Select one of the keywords
When A Crocodile Eats the Sun    by Peter Godwin order for
When A Crocodile Eats the Sun
by Peter Godwin
Order:  USA  Can
Little, Brown & Co., 2007 (2007)

Read an Excerpt

* *   Reviewed by Hilary Daninhirsch

Award-winning journalist Peter Godwin has written a moving account of his ties to his African homeland. The title of the book refers to the way tribal Africans view a solar eclipse, a phenomenon they consider to be a bad omen. The book is part political commentary about the current deplorable conditions in much of Africa, particularly in his native Zimbabwe, and part personal memoir.

The book is really a tribute to his parents, Helen and George, who adamantly refused to leave Africa despite the increased violence against whites in Zimbabwe. Helen was an English-born doctor who cared
for countless patients, regardless of race or ability to pay. George struggled with health problems for many years, and Godwin called upon every resource he had to bring modern medicine to his family.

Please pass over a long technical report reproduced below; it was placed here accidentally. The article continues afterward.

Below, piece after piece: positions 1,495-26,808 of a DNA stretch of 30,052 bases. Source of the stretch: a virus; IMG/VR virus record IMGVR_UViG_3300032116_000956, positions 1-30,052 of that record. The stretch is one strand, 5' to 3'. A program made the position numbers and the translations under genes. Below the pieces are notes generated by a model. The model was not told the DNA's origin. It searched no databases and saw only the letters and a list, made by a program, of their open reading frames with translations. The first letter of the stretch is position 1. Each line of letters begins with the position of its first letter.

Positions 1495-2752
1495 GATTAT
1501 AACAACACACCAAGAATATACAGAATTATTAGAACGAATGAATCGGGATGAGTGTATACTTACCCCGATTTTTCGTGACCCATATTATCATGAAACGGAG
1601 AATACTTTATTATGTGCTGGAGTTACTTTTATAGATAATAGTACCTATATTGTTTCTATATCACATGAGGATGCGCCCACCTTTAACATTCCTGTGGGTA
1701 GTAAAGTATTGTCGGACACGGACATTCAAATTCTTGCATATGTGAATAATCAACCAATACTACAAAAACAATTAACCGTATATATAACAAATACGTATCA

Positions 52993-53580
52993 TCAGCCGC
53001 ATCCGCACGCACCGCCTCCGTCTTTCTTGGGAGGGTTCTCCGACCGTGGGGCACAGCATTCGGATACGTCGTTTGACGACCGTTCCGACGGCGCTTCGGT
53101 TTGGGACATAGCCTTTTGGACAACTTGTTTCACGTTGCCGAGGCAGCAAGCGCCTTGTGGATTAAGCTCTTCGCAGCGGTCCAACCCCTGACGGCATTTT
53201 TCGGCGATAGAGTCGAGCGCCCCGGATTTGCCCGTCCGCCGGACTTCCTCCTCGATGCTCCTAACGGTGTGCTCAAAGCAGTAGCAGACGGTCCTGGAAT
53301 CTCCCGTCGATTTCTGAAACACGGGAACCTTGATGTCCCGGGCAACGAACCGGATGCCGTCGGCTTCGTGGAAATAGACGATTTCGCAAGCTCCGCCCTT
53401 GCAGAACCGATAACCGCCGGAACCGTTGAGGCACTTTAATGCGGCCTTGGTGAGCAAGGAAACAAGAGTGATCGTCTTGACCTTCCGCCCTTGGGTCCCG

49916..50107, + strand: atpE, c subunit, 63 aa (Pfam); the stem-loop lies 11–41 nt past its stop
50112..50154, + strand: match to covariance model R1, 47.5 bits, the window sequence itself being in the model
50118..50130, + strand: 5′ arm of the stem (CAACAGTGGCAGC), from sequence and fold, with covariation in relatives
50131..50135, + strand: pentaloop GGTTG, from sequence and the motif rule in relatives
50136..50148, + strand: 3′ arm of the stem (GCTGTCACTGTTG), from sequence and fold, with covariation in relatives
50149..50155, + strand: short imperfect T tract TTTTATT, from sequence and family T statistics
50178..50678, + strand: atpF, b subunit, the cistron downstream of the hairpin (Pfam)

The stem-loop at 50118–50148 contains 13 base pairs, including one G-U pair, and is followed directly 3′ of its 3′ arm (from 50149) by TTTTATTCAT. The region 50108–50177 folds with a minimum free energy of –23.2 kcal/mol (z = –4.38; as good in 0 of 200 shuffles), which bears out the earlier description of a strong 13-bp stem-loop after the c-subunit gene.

Godwin writes lovingly of his parents and sisters, one of whom died decades earlier, just weeks before her wedding. When his younger sister is preparing for her wedding, his father refuses to join in the festivities until the last moment. And there is a moving scene where Godwin tries to remove his late sister's body from the vandalized cemetery.

Woven throughout the personal portion of the memoir are stories about Africa: insufficient medical care; the AIDS epidemic; the tyrannical Robert Mugabe; the failure of a country to care for its citizens; and the consequences of being white in a mostly black Zimbabwe.

Despite his moving to New York and raising a family, Africa is still in Godwin's blood. While traveling back and forth to visit his parents, either for personal reasons or on journalistic assignment, Godwin uncovers a shocking family secret that challenges his identity and his sense of self.

Godwin, who also wrote Mukiwa: A White Boy in Africa, is a straight shooter who tells it like it is, though there are several laugh out loud lines, which create just the right amount of humorous deflection from a somber-toned story. The author is a talented writer - the reader really can feel the African landscape and get a sense of what it would be like to a be a targeted white minority.

Note: Opinions expressed in reviews and articles on this site are those of the author(s) and not necessarily those of BookLoons.

Find more Travel books on our Shelves or in our book Reviews